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South Korea, US ink provisional defense cost-sharing pact

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Kang Kyung-wha South Korean Foreign Minister, says negotiations for new deal'long but successful

On Sunday, chief negotiators from the two countries signed a new cost-sharing plan, which requires South Korea to pay about 1.04 trillion won ($924 million) in 2019, Seoul's Foreign Ministry said in a statement.

A senior South Korean ruling party legislator said last month that negotiations were deadlocked after the United States made a "sudden, unacceptable" demand that Seoul pay more than 1.4 trillion won per year.

South Korea and the United States struck a new deal Sunday on how much Seoul should pay for the U.S. military presence on its soil, after previous rounds of failed negotiations caused worries about their decades-long alliance. But the two sides also agreed to a one-year agreement instead of the usual five-year timeframe, so negotiators will have to return to the table soon.

President Moon Jae-in said on Monday that the second summit between the Democratic People's Republic of Korea (DPRK) and the United States will be a critical turning point for the complete denuclearization of the Korean Peninsula. The officials stressed the importance of "a strong South Korea-U.S. alliance and the need for a stable stationing of U.S. troops" and said the response from most of South Korea's government to the revised arrangement has been "positive so far".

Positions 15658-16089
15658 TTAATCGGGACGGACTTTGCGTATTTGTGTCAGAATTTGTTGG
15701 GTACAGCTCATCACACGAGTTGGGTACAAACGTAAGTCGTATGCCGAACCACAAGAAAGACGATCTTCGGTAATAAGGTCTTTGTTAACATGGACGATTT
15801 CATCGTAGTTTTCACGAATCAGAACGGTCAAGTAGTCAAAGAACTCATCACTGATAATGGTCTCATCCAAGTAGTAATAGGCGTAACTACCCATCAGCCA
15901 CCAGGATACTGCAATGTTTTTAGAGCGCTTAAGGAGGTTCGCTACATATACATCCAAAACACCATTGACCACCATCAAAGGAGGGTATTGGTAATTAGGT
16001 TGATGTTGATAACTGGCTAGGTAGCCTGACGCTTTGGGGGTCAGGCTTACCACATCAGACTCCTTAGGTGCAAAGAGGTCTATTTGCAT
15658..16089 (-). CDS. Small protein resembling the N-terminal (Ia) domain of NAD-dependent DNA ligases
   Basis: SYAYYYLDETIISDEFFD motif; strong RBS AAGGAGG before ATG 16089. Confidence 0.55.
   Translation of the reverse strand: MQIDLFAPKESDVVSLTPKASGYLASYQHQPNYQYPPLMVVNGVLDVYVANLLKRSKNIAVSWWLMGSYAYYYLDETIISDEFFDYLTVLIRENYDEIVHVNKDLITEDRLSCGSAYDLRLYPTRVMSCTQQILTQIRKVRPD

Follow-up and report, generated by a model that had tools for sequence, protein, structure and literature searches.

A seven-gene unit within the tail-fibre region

This would allow Washington to call for additional increases in the amount South Korea would pay for the following year.

A group of activists staged a rally Sunday in front of the foreign ministry building against the agreement, claiming that renegotiating the agreement would largely increase Seoul's burden.

South Korea began paying for the US military deployment in the early 1990s, after rebuilding its war-devastated economy. Most U.S. troops were withdrawn in 1949 but they returned the next year to fight alongside South Korea in the 1950-53 Korean War. "We are very pleased our consultations resulted in agreement that will strengthen transparency and deepen our cooperation and the alliance".

South Korea has agreed to substantially increase its contribution to cover the cost of keeping USA troops in that country.

The new payment agreement comes weeks before Trump is set to meet for a second time with North Korean leader Kim Jong Un.

"It's very expensive", he said on "Face the Nation" on CBS.

Trump, who has been a vocal critic of other nations failing to contribute for USA military presence around the world, highlighted the cost of keeping troops in South Korea during an interview earlier this month.

The big United States military presence in South Korea is a symbol of the countries' alliance, forged in blood during the war, but also a source of long-running anti-American sentiments.

"United States government realizes that Korea does a lot for our alliance and peace and stability in the region", said chief USA negotiator Timothy Betts.

Services had not been interrupted thanks to reserve funds, but USFK had warned the Korean Employees' Union that it would have to put local staff on unpaid leave beginning in mid-April if a deal wasn't reached.

Betts, deputy assistant secretary of state for plans, programs and operations, had 10 rounds of negotiations with Chang Won-sam, a veteran South Korean diplomat, throughout a year ago.

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